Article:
I find it a bit difficult to reconcile the fact that Pittsburgh allows fewer shots on goal while Montreal fares significantly better in the shot blocking department. So, while Pittsburgh somehow allows fewer shots, their leading shot blocker, Paul Martin, ranks 64th with 66 interceptions. The Habs, on the other hand, boast two shot blocking leaders in the top 14. Josh Gorges, ranked # 1 in this capacity, has prevented 126 shots from reaching his net while Hal Gill has sacrificed himself 100 times. The numbers do not lie, though…you have to give the edge to Pittsburgh here as well.
Peter Budaj gets the start tonight for Montreal. He played very well recently, most notably against the New York Rangers in a 4-1 victory. Cunneyworth was criticized for giving the nod to Price in the next game. Fans and media claimed that the backup not only deserved another start but that Price also requires some rest. In only 6 starts this season, Budaj has won 2 games and lost 4. His numbers are comparable to Price: 2.51 GAA and a .913 SP.
Yet again, the opposition chooses to go with the backup against the struggling Habs. Brent Johnson is the “probable starter” for the Penguins. He has started 9 games thus far going 2-5-2. He sports a 3.47 GAA and a .876 SP. Last time i mocked a goaltender’s accomplishments, Michael Neuvirth of the Capitals stoned the Habs 3-0.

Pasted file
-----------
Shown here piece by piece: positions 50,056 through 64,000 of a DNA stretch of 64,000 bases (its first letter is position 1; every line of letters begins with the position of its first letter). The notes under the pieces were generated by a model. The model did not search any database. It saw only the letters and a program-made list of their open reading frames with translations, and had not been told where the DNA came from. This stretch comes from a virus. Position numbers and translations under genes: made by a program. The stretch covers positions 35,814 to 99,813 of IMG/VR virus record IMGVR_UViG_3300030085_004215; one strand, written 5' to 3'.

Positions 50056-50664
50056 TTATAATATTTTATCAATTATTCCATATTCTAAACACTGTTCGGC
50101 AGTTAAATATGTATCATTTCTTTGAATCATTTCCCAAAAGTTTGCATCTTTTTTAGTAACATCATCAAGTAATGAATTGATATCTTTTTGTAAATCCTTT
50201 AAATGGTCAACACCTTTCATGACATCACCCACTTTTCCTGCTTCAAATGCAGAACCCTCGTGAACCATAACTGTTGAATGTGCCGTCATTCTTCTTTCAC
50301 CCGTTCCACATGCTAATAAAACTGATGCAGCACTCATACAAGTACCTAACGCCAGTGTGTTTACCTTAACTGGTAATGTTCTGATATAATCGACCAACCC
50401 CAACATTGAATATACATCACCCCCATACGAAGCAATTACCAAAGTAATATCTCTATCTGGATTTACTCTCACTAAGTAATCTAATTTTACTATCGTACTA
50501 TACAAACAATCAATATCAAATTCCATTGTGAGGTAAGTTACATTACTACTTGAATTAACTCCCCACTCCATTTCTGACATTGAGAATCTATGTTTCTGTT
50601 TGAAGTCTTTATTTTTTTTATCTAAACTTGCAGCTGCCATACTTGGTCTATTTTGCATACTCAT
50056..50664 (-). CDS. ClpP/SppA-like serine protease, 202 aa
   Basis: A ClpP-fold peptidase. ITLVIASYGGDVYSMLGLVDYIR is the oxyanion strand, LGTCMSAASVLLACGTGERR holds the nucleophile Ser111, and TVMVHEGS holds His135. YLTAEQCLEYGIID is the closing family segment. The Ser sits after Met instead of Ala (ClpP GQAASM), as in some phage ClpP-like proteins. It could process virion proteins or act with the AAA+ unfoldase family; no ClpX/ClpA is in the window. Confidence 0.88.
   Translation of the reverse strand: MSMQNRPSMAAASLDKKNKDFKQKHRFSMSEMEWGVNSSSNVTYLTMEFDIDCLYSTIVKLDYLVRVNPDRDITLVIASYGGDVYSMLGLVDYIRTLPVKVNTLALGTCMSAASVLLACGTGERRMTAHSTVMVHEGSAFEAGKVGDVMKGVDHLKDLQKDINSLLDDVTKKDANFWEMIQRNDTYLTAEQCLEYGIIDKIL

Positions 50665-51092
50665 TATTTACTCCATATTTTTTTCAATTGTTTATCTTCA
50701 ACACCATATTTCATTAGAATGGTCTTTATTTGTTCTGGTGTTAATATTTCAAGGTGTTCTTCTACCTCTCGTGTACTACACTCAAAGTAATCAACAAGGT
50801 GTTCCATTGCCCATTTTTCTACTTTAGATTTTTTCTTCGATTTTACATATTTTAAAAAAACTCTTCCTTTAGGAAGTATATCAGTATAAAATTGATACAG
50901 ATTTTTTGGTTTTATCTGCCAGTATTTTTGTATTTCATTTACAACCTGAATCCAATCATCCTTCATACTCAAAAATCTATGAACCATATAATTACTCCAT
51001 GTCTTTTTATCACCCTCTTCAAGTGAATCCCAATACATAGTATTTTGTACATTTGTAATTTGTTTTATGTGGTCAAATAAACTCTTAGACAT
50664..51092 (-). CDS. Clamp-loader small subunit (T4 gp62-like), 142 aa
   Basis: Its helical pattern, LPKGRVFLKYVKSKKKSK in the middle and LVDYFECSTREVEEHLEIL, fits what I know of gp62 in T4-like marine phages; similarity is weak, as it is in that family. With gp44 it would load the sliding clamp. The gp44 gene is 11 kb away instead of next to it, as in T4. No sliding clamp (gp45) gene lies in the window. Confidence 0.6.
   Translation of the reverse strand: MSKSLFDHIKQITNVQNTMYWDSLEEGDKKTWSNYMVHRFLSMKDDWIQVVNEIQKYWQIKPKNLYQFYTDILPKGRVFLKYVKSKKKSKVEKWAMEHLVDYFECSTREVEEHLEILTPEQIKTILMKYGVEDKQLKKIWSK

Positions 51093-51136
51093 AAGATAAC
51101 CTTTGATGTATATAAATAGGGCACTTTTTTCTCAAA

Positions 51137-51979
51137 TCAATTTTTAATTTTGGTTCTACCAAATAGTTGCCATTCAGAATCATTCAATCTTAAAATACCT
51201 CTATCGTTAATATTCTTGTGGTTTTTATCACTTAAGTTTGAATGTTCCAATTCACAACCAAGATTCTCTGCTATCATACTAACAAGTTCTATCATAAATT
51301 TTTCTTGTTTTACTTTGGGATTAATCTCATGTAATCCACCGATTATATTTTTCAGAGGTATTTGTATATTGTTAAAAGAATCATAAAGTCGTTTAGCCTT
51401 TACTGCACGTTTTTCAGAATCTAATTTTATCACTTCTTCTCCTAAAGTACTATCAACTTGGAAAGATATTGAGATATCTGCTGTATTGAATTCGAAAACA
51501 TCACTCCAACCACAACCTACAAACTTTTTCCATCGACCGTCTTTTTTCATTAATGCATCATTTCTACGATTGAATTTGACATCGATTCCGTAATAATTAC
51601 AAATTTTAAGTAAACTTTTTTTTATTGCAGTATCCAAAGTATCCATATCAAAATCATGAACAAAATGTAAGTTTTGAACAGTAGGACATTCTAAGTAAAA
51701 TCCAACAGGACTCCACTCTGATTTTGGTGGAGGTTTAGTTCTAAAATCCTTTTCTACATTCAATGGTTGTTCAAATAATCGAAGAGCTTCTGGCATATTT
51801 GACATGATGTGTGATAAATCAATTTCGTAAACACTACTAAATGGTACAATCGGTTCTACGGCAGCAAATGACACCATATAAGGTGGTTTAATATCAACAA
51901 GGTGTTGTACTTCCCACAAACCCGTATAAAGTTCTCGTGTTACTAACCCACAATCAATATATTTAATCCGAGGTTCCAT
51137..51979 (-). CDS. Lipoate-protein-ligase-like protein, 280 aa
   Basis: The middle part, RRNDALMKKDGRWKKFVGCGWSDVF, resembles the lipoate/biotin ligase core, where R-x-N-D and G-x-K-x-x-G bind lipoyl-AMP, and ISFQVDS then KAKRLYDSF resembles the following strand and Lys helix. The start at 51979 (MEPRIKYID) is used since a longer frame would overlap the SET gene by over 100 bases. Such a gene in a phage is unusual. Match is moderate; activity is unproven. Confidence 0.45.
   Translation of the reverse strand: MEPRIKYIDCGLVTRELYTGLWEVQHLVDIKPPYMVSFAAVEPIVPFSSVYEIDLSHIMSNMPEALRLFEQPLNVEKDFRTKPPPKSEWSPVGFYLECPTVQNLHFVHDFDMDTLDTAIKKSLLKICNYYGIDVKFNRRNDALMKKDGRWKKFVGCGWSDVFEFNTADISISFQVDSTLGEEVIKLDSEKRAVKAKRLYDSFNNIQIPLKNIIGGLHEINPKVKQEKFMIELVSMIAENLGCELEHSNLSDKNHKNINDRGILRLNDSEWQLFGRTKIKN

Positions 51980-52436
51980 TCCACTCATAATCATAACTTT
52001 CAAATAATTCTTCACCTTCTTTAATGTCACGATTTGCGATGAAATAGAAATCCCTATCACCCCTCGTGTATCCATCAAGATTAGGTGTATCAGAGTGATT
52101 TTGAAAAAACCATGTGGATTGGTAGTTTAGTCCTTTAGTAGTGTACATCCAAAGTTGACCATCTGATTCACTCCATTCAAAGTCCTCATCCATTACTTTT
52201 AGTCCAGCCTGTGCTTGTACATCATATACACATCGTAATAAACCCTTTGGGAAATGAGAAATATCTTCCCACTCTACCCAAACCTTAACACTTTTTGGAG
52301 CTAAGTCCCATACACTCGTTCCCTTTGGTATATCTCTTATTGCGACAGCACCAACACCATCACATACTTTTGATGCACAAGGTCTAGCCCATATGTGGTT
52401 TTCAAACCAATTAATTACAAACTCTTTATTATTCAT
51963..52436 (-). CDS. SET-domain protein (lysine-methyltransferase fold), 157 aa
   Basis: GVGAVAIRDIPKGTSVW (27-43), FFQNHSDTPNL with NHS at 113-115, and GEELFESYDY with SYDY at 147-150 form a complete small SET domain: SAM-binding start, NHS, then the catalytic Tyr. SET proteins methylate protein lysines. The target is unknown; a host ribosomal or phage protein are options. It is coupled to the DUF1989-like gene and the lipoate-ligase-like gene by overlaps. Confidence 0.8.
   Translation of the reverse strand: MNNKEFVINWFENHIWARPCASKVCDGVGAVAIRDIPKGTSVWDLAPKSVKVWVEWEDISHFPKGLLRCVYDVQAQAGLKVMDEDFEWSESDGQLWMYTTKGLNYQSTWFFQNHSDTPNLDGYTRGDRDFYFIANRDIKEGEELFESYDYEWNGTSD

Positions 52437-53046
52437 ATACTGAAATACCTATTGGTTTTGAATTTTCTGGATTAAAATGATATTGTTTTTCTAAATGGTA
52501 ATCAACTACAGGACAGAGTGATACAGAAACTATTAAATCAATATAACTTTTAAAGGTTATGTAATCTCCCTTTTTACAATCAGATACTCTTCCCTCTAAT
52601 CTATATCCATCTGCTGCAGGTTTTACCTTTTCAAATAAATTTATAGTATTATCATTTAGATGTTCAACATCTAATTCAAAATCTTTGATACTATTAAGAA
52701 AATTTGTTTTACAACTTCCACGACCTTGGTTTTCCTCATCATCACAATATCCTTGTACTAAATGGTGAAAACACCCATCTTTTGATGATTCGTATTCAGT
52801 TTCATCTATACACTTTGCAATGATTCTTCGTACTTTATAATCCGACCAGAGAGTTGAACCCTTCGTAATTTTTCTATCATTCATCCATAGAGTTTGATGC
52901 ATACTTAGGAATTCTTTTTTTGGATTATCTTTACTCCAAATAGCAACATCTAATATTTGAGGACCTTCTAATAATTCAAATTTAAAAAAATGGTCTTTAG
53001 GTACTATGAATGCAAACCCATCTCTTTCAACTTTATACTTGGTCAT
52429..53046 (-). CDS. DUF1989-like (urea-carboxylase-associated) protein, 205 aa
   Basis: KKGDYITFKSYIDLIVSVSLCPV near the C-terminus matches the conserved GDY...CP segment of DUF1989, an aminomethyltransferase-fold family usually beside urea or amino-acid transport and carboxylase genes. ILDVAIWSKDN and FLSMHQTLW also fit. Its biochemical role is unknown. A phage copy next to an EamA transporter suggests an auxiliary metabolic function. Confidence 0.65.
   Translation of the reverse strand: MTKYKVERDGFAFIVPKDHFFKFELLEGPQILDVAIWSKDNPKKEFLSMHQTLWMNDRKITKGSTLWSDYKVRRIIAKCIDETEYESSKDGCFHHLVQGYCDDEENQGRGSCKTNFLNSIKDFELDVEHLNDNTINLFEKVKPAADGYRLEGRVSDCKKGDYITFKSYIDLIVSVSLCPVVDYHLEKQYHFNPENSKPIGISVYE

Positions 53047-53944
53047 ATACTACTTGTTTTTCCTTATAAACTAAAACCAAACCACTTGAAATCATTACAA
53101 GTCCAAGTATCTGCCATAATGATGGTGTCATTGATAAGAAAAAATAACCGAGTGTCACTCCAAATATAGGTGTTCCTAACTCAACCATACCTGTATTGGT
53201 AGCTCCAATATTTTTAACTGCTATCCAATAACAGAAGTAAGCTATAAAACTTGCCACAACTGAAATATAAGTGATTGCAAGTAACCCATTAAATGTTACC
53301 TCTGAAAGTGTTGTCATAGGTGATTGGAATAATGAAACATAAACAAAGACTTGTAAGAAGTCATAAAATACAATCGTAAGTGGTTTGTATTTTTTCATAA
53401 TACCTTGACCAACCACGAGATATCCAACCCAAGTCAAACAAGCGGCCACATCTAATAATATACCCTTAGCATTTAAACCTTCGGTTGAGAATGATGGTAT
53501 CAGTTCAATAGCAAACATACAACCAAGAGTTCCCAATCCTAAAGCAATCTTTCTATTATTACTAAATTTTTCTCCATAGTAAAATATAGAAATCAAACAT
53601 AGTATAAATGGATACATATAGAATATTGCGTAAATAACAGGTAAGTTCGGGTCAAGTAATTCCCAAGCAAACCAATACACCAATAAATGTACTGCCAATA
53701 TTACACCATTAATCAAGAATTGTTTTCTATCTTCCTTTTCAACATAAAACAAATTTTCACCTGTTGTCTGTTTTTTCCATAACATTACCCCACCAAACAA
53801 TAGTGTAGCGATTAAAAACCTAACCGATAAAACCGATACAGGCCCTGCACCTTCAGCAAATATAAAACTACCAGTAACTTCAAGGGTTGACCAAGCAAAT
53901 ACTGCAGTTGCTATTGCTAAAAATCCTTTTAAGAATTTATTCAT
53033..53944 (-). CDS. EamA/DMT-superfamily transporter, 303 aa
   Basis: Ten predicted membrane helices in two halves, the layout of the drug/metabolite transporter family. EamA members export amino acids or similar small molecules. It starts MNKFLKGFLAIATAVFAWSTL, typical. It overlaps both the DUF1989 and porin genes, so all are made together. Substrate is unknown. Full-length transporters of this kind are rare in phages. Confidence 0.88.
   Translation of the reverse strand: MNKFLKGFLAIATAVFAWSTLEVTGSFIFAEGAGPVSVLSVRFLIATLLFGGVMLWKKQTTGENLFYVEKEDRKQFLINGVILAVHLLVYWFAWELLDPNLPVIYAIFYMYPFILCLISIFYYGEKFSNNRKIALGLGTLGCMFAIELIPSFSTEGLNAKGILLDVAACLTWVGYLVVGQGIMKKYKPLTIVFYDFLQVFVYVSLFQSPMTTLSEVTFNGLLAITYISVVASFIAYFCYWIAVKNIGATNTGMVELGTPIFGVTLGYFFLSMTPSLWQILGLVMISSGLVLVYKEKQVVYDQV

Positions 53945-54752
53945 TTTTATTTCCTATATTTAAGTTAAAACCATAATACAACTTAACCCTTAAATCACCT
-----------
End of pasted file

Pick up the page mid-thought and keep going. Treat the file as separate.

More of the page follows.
This is a bittersweet category as far as Montreal is concerned. The team does an exceptional job on the penalty-kill. Their performance in this aspect of the game has earned them respect around the league and a #2 ranking overall with 89.1 percent of penalties successfully killed. Kudos to Hal Gill, Josh Gorges, and to Tomas Plekanec who lead the charge in this area. The penalty-kill unit does face the 10th ranked power play of the Penguins tonight which capitalizes on 18.9 percent of man-advantage opportunities.
While the Habs do very well when down a man, it seems that a true disadvantage comes when the team is cursed with the extra attacker. The squad ranks dead last in terms of converting on the power play with a meagre 12.3% conversion rate. To add insult to injury, Montreal has allowed 5 shorthanded goals against thus far!
The Penguins with the 5th rank penalty-kill in the NHL should have no trouble containing the Habs in these situations. Then again, at some point, Montreal will break through whatever obstacle has been thwarting them thus far. Will it be tonight?
Things of Note
- The Penguins are playing their second game in as many nights
- Sidney Crosby is still out…so is Jordan Staal, Simon Despres, and Arron Asham
- Kris Letang is back in for Pittsburgh
- Montreal will be playing without the services of Andrei Markov, Brian Gionta, Ryan White
- It has been suggested that Chris Campoli will be back in the lineup but this is not confirmed as of yet…no word on who will be sitting out if that happens.